This works well if you have an area of your house that you can dedicate to music lessons. Additionally, I am able to claim a home office deduction, miscellaneous utility expenses, and my mobile phone. The best part? I can slip into yoga pants and a hoodie immediately after lessons.

Entrepreneurial application: Take advantage of your ability to work from home, and consult with your CPA regarding tax advantages.

4. When you are first starting off, you can’t be very picky.

When I was still teaching lessons as a high school student, I had to put up with cancellations and lame excuses. I could not afford to have stricter policies because I only had five students at that point. If I had made three of those people upset and they quit, then I would only have two students (and a damaged business reputation). And those five students helped pay for my gas and other expenses I had at the time, so I needed the money!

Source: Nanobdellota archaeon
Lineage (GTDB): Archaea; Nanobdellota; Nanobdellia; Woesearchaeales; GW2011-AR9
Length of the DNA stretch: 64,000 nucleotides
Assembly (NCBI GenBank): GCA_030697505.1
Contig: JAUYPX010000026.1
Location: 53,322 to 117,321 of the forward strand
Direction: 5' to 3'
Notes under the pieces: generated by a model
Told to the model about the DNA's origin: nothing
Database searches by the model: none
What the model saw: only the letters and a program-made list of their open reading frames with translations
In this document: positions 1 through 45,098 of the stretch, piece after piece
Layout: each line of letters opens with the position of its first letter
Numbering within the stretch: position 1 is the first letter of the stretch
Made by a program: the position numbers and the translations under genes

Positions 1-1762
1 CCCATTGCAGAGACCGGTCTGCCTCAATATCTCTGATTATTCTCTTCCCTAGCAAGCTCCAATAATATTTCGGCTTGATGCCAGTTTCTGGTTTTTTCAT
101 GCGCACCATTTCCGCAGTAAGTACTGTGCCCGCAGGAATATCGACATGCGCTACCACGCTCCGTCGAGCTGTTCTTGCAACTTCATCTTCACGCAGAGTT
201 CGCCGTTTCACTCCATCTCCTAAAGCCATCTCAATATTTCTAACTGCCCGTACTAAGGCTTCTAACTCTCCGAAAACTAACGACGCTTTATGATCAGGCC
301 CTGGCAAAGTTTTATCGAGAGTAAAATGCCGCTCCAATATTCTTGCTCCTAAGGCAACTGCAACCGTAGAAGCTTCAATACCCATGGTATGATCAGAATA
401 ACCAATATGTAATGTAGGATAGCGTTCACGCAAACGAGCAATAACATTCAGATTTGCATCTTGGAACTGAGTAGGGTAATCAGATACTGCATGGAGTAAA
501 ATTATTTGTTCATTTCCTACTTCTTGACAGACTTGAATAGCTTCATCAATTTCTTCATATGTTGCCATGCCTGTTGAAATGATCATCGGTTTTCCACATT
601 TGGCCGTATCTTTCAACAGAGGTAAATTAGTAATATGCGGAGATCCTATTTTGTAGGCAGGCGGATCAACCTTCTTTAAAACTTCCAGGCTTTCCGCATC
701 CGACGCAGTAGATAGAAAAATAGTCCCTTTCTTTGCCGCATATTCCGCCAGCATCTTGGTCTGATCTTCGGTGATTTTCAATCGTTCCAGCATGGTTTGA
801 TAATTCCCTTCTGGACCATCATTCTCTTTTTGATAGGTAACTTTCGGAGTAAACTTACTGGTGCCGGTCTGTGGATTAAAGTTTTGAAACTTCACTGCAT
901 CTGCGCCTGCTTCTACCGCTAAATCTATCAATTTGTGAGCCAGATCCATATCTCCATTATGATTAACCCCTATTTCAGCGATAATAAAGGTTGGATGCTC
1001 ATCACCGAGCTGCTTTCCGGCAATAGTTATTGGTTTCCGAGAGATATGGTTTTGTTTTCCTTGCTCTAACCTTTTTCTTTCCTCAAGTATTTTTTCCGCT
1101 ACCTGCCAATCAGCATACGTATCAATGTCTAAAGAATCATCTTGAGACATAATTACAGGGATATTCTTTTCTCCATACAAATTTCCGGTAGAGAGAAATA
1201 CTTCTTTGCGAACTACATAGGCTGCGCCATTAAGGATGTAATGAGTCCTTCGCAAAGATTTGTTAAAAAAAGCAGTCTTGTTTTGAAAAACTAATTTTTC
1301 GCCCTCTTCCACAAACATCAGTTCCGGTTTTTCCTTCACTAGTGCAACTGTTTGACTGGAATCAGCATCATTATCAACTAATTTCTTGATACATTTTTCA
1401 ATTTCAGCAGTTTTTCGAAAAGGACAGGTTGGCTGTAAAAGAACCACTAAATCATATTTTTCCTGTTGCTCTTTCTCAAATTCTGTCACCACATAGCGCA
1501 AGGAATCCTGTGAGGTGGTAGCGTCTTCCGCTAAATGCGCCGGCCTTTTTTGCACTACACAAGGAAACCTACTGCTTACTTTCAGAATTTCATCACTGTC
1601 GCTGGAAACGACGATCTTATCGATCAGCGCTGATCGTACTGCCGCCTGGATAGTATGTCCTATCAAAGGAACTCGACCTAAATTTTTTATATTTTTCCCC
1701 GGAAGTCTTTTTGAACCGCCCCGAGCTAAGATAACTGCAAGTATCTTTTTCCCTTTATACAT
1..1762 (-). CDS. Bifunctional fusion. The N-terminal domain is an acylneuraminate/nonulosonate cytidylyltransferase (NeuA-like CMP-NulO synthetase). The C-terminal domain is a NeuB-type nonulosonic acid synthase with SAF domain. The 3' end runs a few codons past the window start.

General application: Exercise care and caution to protect your business reputation, especially in the beginning.

5. Expect payment on a monthly-basis at the beginning of the month. 

This expectation helps me to avoid many awkward conversations, and I only have to discuss money with clients once per month.

I must say that this expectation helps people be intentional. If they know they are not going to commit to piano lessons and make them a priority, they won’t be as likely to study with someone like me who has established a payment schedule.

Entrepreneurial application: Communicate your compensation requirements to clients in advance and in writing, and demand at least a portion of your compensation in advance.

6. Have a contract.